- plagiarism is a big concern – citing sources reassures professors that they did the actual research
How did students do their research
- search engine are key (didn’t know about google scholar and so they were just using google)
- when searching students move from broad to narrow
- readability and speed are important (google is mindless – whereas it takes a lot of effort to get on JSTOR)
- they did hear alot about quality and what it is
The good thing they found was that students knew what to look for for quality information
- .edu and .gov domains
- what it cites
- writing style and grammatical correctness
- aesthetic element was of great importance – old or out-dated websites are looked down upon – ads are very unwelcome as are other distractions when doing academic work (it’s possible they didn’t know that google text ads and the text ads on facebook are ads – or maybe they have blockers in place like i do in my browser)
Issues that undergraduates said they had with doing research on JSTOR
- searching is a challenge – students said search results were hard to penetrate; they are eager for tools which will help them narrow the results further
When asked if they would they want web 2.0 functionality in their resources? The answer was yes – but not 100%.
- they liked the concept of MyJSTOR
- didn’t want to find other people doing the same research
- facebook is for my friends and i don’t want that in my research
- links are highly appreciated – between resources
- suggested JSTOR develop
- ranking based on usage
- user reviews and articles
- article suggestions like from (netflix and amazon)
Sabrina then gave us some insights into her professional experiences (the cubicle part of her title).
She wanted to start with some disclaimers. While she is a digital native, when she was in college (pre-2006)
- Google was only search – no email or docs
- Facebook was only college students
- most friends didn’t read blogs
- no iPhone or mobile web
- no Twitter
When researching she looks for more current resources, so having tools that let her search current information are important. She doesn’t care whether and article is peer reviewed or not, as long as it provides valuable information (I’m with her on this). And like Carrie, she starts with Google and then moves on to the more specific resources.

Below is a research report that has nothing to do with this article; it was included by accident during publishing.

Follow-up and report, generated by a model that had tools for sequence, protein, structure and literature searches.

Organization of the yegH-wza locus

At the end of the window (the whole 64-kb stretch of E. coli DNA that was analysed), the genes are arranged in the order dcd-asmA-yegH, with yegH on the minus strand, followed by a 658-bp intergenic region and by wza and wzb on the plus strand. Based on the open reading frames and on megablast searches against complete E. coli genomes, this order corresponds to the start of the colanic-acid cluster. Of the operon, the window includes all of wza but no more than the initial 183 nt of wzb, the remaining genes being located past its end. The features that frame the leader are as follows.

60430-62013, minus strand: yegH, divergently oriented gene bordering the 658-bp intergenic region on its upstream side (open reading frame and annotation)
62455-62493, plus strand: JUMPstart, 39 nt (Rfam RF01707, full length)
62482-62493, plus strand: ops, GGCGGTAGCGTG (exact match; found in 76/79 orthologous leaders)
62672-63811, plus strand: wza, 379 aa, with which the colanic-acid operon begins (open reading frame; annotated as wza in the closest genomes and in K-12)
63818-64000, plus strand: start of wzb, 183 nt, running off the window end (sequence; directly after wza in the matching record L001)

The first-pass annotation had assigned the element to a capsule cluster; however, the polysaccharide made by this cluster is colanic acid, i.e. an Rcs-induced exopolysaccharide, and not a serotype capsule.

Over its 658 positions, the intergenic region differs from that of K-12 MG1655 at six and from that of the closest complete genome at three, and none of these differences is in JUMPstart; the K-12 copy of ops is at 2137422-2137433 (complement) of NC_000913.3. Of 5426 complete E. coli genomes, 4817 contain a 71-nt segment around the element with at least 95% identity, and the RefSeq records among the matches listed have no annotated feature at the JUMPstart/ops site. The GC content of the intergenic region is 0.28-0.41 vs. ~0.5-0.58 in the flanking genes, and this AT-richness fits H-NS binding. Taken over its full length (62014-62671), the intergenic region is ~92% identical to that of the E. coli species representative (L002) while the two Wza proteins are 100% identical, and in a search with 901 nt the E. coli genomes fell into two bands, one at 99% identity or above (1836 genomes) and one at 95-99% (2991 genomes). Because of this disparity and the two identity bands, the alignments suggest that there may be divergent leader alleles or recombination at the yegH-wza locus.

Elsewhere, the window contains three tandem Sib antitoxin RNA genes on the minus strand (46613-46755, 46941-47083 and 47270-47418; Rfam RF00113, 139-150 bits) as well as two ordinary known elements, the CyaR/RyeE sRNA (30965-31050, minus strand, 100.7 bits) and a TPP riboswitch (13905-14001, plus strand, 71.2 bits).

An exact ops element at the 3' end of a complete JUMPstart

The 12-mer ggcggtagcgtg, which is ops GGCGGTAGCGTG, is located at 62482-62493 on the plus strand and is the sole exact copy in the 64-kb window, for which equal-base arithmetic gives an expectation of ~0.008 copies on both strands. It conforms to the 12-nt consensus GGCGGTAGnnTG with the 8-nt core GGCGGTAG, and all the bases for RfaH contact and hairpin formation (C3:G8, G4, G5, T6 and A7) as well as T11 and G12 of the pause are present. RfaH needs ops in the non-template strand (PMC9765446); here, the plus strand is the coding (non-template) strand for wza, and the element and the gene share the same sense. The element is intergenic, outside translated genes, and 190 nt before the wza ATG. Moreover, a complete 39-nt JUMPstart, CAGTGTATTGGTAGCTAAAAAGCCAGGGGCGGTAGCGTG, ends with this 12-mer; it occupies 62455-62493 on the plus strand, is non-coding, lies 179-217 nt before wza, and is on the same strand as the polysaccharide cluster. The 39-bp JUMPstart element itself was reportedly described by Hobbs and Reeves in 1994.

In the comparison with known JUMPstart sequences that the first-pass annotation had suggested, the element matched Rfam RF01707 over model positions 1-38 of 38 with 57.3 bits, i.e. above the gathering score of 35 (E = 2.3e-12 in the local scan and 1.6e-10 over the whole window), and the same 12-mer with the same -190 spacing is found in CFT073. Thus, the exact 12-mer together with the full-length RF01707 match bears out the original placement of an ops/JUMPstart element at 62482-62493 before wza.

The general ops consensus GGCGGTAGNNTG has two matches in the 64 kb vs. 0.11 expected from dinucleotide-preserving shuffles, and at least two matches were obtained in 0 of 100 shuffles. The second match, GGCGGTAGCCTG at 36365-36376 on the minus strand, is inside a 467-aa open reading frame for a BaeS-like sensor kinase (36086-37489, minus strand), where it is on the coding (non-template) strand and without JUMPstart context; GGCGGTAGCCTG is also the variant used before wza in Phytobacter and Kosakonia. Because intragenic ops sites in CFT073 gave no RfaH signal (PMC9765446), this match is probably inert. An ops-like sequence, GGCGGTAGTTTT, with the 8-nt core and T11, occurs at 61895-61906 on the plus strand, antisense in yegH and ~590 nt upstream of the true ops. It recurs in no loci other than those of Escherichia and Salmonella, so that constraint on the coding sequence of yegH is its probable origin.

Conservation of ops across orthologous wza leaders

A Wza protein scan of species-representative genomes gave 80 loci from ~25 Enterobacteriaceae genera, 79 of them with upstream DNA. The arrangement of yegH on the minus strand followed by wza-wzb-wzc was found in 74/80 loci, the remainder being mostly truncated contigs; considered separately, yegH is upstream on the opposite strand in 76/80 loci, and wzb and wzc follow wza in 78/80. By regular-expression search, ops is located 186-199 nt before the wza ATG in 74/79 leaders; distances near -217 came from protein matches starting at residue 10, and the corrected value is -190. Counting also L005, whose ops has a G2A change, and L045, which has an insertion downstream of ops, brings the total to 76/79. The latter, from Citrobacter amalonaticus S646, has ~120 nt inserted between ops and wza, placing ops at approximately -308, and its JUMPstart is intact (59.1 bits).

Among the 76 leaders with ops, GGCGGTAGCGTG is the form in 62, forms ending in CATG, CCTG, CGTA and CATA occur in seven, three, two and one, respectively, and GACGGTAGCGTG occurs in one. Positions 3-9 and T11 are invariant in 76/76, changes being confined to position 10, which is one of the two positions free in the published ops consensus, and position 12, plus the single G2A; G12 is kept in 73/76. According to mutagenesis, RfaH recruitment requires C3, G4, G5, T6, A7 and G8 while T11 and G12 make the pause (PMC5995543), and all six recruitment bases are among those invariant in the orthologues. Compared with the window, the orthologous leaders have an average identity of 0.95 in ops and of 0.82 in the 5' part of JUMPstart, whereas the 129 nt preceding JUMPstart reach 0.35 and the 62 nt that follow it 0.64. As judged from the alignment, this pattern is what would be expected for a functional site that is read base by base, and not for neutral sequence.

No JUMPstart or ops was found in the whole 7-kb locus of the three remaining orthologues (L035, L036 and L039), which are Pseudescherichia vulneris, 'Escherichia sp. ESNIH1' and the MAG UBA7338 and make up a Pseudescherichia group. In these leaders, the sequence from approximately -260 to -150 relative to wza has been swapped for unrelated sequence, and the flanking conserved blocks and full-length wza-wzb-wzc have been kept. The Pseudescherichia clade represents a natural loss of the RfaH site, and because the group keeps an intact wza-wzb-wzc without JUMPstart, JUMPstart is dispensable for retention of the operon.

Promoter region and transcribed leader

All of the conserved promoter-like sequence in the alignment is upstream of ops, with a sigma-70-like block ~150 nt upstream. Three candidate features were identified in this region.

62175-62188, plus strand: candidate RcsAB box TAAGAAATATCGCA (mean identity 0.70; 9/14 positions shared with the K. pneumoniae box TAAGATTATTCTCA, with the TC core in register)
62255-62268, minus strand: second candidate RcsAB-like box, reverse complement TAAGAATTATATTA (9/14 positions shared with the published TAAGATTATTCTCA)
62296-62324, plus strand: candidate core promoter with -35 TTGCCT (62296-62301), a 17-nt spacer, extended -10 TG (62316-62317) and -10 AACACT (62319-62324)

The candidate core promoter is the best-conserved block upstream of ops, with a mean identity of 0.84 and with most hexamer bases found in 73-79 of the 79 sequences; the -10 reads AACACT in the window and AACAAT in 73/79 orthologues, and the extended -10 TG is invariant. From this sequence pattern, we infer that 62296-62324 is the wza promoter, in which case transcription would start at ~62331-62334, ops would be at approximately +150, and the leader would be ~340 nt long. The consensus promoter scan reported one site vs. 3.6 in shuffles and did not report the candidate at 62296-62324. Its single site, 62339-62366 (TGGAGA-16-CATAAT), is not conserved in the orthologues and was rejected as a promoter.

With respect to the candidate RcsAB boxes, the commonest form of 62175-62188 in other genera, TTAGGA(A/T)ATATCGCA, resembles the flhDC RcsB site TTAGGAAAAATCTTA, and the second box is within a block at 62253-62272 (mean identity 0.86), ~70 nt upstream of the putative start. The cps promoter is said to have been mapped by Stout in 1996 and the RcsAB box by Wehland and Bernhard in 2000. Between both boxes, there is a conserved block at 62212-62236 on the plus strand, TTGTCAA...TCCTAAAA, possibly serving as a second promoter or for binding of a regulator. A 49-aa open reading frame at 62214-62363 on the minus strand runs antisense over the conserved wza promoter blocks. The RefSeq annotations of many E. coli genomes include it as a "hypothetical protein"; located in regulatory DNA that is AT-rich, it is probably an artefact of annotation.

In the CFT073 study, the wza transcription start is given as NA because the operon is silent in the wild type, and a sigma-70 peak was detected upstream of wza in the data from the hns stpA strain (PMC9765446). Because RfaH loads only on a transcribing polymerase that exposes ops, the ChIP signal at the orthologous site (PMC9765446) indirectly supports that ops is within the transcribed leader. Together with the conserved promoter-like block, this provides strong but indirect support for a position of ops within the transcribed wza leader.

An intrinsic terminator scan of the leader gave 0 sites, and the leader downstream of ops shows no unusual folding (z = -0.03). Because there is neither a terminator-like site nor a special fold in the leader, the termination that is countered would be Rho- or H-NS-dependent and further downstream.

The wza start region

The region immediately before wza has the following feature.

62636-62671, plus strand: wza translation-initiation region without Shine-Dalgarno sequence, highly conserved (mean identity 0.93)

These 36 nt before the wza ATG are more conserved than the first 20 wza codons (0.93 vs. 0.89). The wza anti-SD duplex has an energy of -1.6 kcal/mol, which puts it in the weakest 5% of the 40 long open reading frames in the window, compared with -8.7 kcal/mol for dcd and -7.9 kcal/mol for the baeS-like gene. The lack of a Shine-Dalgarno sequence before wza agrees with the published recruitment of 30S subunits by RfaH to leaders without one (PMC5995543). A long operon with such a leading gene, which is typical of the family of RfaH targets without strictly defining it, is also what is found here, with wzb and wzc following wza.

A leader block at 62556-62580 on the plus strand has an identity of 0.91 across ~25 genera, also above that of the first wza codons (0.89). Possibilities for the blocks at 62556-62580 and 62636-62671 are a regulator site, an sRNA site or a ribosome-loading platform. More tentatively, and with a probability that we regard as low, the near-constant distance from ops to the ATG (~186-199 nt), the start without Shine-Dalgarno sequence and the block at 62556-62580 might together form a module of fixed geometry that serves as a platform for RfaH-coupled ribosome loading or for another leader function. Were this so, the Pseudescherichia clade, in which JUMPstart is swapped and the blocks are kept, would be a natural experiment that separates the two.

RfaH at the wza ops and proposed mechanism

The fact is that commercial sites have influenced our exceptions – Google, Amazon, Netflix, etc.
So, what can we do to improve the user experience?
- many of these traits can be implemented fairly easily in traditional academic resources
- provide better context for content
- continue to increase scale and comprehensiveness, take advantage of user data
- improving usability is a huge leap forward in itself!
Last up was Jason Hoyt a student at Stanford University with his talk titled The future of scholarly search, communication, sharing, databases.
He started by giving us an animated story about his research experiences. I say animated because he used some really fun slides. He found that he was being inefficient in his research using search, communication, sharing, databases. He would talk to people, going online look for information, go back to talking to people – it was wasting too much time. And so, Jason’s call is for collective intelligence – he wants these 4 things (search, communication, sharing and databases) to talk to each other and then talk to us and give us the information we’re looking for.